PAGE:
Synaptodendritic recovery following HIV Tat exposure: Neurorestoration by phytoestrogens

Authors

  • Sarah J. Bertrand,

    1. Laboratory Program in Behavioral Neuroscience, Department of Psychology, University of South Carolina, Columbia, South Carolina, USA
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  • Charles F. Mactutus,

    1. Laboratory Program in Behavioral Neuroscience, Department of Psychology, University of South Carolina, Columbia, South Carolina, USA
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  • Marina V. Aksenova,

    1. Laboratory Program in Behavioral Neuroscience, Department of Psychology, University of South Carolina, Columbia, South Carolina, USA
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  • Tori D. Espensen-Sturges,

    1. Laboratory Program in Behavioral Neuroscience, Department of Psychology, University of South Carolina, Columbia, South Carolina, USA
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  • Rosemarie M. Booze

    Corresponding author
    1. Laboratory Program in Behavioral Neuroscience, Department of Psychology, University of South Carolina, Columbia, South Carolina, USA
    • Address correspondence and reprint requests to Rosemarie M. Booze, Professor and Bicentennial Endowed Chair of Behavioral Neuroscience, Department of Psychology, 1512 Pendleton Street, Barnwell College Building, University of South Carolina, Columbia, SC 29208, USA. E-mail: booze@mailbox.sc.edu; booze@sc.edu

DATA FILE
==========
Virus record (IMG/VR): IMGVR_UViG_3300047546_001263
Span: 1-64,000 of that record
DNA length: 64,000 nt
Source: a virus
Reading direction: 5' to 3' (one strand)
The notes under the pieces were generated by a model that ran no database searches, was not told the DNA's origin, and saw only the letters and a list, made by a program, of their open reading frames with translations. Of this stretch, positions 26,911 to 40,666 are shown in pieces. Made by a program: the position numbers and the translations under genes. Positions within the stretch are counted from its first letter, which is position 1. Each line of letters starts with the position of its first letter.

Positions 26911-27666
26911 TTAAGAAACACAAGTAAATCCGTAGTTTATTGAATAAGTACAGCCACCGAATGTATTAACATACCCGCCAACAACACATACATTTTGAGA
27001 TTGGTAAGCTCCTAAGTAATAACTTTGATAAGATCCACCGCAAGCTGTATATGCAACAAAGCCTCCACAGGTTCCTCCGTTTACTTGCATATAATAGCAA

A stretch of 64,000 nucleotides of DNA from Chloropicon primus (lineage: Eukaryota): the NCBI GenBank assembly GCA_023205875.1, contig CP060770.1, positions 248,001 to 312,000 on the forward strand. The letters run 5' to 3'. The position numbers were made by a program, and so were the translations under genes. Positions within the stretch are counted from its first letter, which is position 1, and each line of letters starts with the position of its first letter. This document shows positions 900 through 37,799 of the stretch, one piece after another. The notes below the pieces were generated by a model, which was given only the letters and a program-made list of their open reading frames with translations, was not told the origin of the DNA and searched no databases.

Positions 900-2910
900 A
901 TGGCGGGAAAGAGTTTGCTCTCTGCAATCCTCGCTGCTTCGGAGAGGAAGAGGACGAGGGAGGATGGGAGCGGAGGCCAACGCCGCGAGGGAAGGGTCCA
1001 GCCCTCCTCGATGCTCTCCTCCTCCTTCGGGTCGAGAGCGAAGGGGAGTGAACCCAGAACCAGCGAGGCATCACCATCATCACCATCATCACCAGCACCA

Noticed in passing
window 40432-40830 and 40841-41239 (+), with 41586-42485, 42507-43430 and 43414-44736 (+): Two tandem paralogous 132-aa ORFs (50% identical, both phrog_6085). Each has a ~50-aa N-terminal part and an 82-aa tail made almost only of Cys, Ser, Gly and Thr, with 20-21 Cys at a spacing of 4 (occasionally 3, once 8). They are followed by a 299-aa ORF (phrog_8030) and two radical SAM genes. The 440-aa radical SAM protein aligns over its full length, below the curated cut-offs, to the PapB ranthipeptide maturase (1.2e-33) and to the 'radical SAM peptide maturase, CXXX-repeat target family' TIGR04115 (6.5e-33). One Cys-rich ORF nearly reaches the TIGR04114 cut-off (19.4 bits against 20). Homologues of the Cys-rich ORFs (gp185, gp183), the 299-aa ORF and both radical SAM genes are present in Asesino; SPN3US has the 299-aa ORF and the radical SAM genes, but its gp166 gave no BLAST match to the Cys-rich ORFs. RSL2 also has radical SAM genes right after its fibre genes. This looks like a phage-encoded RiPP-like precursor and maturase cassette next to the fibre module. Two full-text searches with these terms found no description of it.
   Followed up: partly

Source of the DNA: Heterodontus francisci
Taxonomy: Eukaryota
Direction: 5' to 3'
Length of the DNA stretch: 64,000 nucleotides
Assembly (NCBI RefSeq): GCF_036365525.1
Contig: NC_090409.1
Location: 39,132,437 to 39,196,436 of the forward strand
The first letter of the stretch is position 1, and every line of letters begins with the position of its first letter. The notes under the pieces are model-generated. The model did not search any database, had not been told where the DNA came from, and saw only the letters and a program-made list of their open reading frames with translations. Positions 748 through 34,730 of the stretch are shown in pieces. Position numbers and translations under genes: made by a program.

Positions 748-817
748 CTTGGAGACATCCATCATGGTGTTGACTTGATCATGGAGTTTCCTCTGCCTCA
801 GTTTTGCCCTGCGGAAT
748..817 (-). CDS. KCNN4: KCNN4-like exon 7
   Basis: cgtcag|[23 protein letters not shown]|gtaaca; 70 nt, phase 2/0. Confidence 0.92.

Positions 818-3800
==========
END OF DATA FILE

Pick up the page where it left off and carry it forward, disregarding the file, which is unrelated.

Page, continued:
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Abstract

HIV-1 infects the brain and, despite antiretroviral therapy, many infected individuals suffer from HIV-1-associated neurocognitive disorders (HAND). HAND is associated with dendritic simplification and synaptic loss. Prevention of synaptodendritic damage may ameliorate or forestall neurocognitive decline in latent HIV-1 infections. The HIV-1 transactivating protein (Tat) is produced during viral latency in the brain and may cause synaptodendritic damage. This study examined the integrity of the dendritic network after exposure to HIV-1 Tat by labeling filamentous actin (F-actin)-rich structures (puncta) in primary neuronal cultures. After 24 h of treatment, HIV-1 Tat was associated with the dendritic arbor and produced a significant reduction of F-actin-labeled dendritic puncta as well as loss of dendrites. Pre-treatment with either of two plant-derived phytoestrogen compounds (daidzein and liquiritigenin), significantly reduced synaptodendritic damage following HIV-1 Tat treatment. In addition, 6 days after HIV-1 Tat treatment, treatment with either daidzein, or liquiritigenin enhanced recovery, via the estrogen receptor, from HIV-1 Tat-induced synaptodendritic damage. These results suggest that either liquiritigenin or daidzein may not only attenuate acute synaptodendritic injury in HIV-1 but may also promote recovery from synaptodendritic damage.

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The HIV-1 transactivating protein (Tat) is produced during viral latency in the brain. Treatment with either daidzein or liquiritigenin restored the loss of synaptic connectivity produced by HIV-1 Tat. This neurorestoration was mediated by estrogen receptors (ER). These results suggest that plant-derived phytoestrogens may promote recovery from HIV-1-induced synaptodendritic damage.

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